In culling together the statistical data and information for my presentation, I concluded that a historical primer on how events and market trends have dictated insurance company behavior and regulatory (re)actions would be beneficial to the audience. For some reason, I kept coming back to “Florida Property Market: It’s Always Something!” or “Florida Property Market: Now What’s Next?” as potential session titles. To understand this, you need only consider that prior to this week, Florida had not endured a catastrophic weather event since 2005 (Hurricanes Katrina and Wilma). Several years ago, the state had a mind-boggling definition of sinkholes (now defined as catastrophic ground collapse and not just a minor crack in a basement wall). Now, Florida is grappling with the AOB phenomenon. Make no mistake about it. The Florida insurance marketplace is a petri dish for scams, fraud, abuse… you name it.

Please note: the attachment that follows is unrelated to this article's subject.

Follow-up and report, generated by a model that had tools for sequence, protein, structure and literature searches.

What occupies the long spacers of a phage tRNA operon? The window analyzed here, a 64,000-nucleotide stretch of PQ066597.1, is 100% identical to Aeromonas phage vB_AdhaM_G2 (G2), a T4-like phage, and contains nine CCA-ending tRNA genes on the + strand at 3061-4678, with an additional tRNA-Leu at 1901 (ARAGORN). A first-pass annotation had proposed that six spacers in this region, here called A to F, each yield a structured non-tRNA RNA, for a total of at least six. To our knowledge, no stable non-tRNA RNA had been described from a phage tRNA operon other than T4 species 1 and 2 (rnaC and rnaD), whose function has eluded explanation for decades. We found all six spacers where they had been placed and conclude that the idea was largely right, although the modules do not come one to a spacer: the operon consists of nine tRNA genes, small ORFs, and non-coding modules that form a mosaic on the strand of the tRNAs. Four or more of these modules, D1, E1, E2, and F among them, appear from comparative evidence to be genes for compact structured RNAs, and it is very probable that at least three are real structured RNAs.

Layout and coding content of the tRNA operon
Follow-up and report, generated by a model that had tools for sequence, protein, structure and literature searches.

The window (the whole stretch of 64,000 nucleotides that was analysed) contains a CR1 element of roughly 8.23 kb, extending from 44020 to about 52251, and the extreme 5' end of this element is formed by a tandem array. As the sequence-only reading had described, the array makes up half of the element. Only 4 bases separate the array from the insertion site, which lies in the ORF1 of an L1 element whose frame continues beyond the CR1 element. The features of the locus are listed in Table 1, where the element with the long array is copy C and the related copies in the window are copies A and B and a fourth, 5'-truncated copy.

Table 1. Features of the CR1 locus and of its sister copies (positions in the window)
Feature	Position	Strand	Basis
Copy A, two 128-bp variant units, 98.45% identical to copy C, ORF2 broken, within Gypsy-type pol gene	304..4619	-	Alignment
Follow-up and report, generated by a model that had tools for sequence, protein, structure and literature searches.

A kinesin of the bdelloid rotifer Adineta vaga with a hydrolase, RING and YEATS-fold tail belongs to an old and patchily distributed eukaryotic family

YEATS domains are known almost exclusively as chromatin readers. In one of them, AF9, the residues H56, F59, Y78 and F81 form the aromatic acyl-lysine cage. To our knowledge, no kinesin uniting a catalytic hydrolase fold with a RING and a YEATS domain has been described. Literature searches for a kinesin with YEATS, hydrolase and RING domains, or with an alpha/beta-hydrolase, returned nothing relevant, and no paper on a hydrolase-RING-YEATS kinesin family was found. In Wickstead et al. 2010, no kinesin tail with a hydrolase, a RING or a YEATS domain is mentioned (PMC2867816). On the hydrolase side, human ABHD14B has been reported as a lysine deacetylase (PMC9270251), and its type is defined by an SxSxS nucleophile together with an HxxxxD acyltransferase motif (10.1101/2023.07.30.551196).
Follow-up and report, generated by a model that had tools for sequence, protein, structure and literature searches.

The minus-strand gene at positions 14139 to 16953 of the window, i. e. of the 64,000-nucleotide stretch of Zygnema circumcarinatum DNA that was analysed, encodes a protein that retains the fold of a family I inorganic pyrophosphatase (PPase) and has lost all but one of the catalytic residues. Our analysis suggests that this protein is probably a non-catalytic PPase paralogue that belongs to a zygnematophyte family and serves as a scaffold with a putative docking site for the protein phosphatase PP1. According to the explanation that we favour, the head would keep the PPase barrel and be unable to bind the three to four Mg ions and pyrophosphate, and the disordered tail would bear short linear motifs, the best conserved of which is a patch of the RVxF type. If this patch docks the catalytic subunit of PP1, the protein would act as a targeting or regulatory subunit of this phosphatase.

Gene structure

Once Florida achieved a level of normalcy in the wake of the 2005 storms, sinkhole claims became an anchor around insurers’ necks starting in 2009. Once the Florida legislature finally passed sinkhole reform in 2011 (in conjunction with insurer underwriting initiatives), the “entrepreneurs” cultivated their new value proposition to Florida’s insureds by assisting them with repairing and remediating water claims. The following graphs place this into context by examination of expected gross ultimate losses (including defense and cost containment expenses) per exposure unit (i.e., earned house year). The data is based on a credible sample of Florida personal property experience.

The magnitude of the catastrophe experience in 2004 and 2005 makes it challenging to fathom the financial implications of sinkhole claims and AOB. Removing catastrophe claims permits the comparison to be more illustrative.